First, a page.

Remarkable increases in primary schooling over the past decade have brought gender equity to the education systems of many poor countries. But as CGD non-resident fellow Maureen Lewis and visiting fellow Marlaine Lockheed show in this CGD brief, nearly three-quarters of the 60 million girls still not in school belong to ethnic, religious, linguistic, racial or other minorities. Based on their new book, Inexcusable Absence: Why 60 Million Girls Still Aren’t in School and What to do About It, this brief presents key findings from their research and suggests practical policy solutions to achieve universal primary education for girls and boys. Specifically,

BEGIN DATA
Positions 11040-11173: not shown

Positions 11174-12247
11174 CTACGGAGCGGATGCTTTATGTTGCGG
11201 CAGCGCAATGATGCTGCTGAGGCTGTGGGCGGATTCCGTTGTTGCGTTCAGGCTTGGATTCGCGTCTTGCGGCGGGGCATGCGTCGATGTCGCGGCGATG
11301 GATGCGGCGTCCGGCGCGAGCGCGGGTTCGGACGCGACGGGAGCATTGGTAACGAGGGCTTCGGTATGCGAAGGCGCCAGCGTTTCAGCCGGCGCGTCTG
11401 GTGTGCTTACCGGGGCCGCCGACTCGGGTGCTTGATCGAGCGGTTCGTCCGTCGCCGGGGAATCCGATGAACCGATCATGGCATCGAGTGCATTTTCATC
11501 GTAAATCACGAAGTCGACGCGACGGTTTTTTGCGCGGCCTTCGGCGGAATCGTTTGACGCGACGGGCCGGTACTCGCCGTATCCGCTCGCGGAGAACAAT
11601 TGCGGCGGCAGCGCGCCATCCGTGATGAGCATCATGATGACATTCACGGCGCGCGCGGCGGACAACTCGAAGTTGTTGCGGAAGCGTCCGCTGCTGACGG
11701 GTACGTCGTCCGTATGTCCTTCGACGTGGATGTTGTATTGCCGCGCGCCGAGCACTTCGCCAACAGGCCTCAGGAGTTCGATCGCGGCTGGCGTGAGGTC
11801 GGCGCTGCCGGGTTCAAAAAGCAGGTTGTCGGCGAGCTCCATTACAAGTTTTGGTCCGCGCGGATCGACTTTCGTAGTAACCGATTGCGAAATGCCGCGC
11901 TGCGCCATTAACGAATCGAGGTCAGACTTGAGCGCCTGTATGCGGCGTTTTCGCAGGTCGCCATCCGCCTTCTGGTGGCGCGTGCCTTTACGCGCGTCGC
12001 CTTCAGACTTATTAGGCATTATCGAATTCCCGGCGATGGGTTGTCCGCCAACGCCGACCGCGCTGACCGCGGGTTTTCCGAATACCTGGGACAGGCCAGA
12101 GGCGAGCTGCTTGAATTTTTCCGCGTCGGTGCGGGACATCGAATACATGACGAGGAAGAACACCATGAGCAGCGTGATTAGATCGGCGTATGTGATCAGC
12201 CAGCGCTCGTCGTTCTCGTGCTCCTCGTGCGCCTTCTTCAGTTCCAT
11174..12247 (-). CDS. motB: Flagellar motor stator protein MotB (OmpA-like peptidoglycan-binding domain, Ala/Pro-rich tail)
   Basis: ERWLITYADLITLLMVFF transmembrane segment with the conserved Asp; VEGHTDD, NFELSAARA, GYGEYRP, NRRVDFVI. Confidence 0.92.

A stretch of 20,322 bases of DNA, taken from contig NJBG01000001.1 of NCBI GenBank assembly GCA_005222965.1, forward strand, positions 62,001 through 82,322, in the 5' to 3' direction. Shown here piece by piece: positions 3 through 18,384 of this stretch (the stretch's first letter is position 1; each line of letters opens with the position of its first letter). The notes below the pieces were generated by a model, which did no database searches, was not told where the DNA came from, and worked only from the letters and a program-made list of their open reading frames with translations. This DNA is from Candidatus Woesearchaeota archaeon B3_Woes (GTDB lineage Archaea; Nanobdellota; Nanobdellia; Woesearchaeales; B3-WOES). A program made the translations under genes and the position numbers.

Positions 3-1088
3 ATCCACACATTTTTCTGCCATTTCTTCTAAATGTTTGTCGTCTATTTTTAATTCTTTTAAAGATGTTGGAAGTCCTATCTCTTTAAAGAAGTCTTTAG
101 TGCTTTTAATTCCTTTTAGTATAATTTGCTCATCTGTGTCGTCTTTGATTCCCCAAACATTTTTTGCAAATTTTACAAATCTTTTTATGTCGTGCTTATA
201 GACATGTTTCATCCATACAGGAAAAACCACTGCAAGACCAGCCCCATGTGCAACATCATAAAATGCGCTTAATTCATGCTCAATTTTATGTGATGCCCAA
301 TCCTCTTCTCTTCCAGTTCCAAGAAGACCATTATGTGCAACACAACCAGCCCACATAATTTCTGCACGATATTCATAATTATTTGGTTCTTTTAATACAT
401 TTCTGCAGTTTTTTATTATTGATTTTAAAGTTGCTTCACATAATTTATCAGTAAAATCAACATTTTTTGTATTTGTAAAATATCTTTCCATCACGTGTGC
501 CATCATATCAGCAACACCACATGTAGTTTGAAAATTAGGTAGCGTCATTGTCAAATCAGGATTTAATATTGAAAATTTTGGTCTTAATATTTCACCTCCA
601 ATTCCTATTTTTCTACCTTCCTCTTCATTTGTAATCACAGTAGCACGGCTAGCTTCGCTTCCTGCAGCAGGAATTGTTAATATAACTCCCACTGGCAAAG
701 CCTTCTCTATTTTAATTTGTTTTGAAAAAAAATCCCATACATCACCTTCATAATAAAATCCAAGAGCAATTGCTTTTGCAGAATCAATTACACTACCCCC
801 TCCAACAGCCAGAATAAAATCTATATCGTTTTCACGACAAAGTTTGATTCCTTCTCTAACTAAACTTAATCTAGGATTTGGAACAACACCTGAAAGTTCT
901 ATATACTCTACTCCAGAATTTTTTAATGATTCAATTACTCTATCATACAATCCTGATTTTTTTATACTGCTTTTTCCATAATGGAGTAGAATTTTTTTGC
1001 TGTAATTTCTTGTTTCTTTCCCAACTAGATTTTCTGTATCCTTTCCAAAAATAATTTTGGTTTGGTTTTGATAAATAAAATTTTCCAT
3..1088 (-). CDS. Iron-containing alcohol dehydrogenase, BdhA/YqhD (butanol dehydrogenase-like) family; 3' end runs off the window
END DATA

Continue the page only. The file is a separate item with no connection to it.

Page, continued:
- strategies to make education more responsive to the needs of marginalized populations must be developed and carefully tested and
- the UNESCO Institute for Statistics should report school participation and achievement data disaggregated by gender and by ethnic/linguistic group, to make it possible to identify the role of social exclusion.
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